Available on website

average concentration were excluded. This eliminated 31 of the

data points.

This left a total of 1 278 data points, including 36 samples over

25 years, covering a range of average concentrations between

0.07 mg/l and 4.37 mg/l.  Eighty per cent of the samples had

average concentrations of between 0.2 mg/l and 2.1 mg/l.

In synthetic samples, the “true” fluoride concentration is

known from the way the samples are made up.  In some cases, they

were reported, but they were not used for this study.  For the

purposes of this study, the “true” fluoride concentration of each

sample was taken as the arithmetic mean of all the measurements

reported for that sample, after removal of the outliers as described

above.  All the data points were then finally normalised by dividing

each value by the “true” value for that sample.

Data analysis

Natural vs. synthetic samples

As with most analytical procedures, care has to be taken to

eliminate interferences by background chemical compounds.  Fluo-

ride, to name but one example, will form complexes with alu-

minium which will affect both aluminium and fluoride measure-

ments if no precautions such as preliminary distillation or digestion

are taken.  During the DWT programme, the consistency of fluoride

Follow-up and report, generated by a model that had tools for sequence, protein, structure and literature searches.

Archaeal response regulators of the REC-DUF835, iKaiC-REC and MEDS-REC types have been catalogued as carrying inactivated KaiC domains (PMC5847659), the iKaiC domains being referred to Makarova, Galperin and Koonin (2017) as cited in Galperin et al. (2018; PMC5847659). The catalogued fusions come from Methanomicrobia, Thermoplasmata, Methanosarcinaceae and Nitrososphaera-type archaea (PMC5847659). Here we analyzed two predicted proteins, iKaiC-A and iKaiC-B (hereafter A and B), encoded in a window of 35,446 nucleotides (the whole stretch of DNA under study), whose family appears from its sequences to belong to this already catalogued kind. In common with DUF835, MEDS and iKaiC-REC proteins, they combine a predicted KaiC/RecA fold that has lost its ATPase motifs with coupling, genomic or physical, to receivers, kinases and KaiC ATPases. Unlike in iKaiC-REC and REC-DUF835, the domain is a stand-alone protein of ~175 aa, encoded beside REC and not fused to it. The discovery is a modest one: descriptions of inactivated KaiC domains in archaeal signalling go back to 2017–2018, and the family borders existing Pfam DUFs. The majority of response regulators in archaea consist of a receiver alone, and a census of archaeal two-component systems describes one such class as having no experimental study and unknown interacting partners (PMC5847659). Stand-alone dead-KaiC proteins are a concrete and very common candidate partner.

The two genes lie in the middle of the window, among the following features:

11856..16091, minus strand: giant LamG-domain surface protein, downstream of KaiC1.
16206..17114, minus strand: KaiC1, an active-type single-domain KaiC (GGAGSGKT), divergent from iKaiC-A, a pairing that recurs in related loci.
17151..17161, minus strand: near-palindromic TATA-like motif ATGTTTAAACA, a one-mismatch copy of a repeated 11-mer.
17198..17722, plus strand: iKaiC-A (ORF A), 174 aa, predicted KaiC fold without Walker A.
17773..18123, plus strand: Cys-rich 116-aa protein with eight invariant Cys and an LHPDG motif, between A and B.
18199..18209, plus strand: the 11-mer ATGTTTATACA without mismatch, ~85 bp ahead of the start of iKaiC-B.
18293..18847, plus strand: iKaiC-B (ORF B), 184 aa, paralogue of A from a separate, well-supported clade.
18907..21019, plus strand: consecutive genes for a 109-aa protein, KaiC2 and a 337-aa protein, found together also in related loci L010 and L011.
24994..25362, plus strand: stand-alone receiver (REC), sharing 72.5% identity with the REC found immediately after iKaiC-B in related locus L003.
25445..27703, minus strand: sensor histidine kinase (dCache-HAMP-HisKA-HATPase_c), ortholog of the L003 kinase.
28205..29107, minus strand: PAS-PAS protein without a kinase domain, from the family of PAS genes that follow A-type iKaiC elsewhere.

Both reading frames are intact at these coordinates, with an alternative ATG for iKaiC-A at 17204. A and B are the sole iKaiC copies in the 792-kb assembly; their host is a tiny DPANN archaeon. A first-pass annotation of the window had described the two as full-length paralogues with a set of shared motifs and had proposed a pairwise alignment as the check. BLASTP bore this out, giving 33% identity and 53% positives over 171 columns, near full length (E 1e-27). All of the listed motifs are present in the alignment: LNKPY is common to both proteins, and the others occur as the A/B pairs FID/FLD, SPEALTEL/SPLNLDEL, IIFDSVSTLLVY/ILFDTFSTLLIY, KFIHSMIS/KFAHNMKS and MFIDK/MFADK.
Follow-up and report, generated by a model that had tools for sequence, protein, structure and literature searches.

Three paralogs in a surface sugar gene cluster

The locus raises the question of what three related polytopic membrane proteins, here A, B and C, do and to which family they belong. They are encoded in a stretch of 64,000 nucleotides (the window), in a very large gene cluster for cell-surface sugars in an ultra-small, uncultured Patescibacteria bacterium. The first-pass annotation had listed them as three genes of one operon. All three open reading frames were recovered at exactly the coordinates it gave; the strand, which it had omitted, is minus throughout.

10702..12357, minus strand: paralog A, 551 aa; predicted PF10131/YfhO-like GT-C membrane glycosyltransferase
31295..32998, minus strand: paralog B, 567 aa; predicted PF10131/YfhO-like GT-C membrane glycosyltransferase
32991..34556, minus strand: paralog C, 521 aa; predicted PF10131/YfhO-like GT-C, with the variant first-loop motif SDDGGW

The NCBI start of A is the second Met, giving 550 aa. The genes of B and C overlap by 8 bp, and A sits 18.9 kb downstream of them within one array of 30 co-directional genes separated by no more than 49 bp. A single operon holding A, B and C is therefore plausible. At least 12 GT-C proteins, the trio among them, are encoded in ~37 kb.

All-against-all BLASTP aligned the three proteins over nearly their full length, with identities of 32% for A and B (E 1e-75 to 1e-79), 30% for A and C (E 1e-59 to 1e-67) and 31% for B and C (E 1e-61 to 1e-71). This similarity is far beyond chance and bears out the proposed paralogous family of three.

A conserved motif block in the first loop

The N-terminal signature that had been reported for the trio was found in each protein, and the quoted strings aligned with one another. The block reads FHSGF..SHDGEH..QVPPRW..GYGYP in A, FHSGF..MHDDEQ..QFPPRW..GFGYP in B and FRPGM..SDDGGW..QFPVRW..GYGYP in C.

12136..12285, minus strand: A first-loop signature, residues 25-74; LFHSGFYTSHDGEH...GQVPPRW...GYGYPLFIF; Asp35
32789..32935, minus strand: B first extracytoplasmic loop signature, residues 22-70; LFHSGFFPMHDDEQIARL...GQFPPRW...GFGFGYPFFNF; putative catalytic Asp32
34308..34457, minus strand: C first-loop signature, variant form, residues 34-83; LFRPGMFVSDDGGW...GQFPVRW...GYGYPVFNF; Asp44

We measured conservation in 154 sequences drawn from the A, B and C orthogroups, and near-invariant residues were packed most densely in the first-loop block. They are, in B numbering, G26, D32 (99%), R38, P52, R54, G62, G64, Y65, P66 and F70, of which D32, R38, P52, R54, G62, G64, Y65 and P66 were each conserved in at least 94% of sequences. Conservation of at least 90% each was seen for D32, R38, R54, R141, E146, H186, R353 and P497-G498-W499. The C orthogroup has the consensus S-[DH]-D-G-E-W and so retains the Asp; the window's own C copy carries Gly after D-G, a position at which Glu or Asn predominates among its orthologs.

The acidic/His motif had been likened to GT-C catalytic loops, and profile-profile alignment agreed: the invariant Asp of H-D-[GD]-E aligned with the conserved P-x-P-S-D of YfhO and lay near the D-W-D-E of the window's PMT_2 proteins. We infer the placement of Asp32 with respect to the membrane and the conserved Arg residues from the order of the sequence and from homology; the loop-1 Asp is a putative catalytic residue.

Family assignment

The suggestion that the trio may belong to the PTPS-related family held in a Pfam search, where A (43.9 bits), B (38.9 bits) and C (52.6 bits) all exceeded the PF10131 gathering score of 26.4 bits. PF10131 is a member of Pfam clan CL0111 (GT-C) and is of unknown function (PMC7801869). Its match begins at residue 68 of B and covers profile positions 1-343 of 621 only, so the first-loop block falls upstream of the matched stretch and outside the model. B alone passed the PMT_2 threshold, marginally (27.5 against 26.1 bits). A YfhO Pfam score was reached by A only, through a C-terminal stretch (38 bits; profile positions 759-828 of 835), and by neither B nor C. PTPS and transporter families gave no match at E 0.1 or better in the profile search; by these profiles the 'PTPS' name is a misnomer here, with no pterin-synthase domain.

measurements generally suffered from a high percentage of outliers

attributed to not adequately pretreating the samples.

In natural samples, as opposed to synthetic samples, there are

many more unknowns that could affect the fluoride measurements.

The hypothesis then has to be that accuracy of fluoride measure-

ments in natural samples has to be poorer than in synthetic samples.

The data set was therefore split into a ”natural” group (747 data

points from 21 samples) and a “synthetic” group (525 data points

from 15 samples).  Figure 1 shows the distribution of the data in

histogram form.  Two points emerge from Fig. 1:

  • The synthetic samples are more narrowly distributed, as hy-

pothesised above.  The remainder of this analysis will thus be

carried through by keeping natural and synthetic data separate.

  • There is a definite asymmetry in the distribution, especially

evident for the natural samples.  This is due to the fact that the

distribution is constrained on the left by a zero concentration

limit.  The normal distribution is therefore not adequate for

describing fluoridation accuracy; the log-normal distribution

would be a more suitable candidate should someone wish to

pursue the modelling of the measurement error.

“Old” vs. “new” technology

The DWT data set spans the period 1977 to 1998, therefore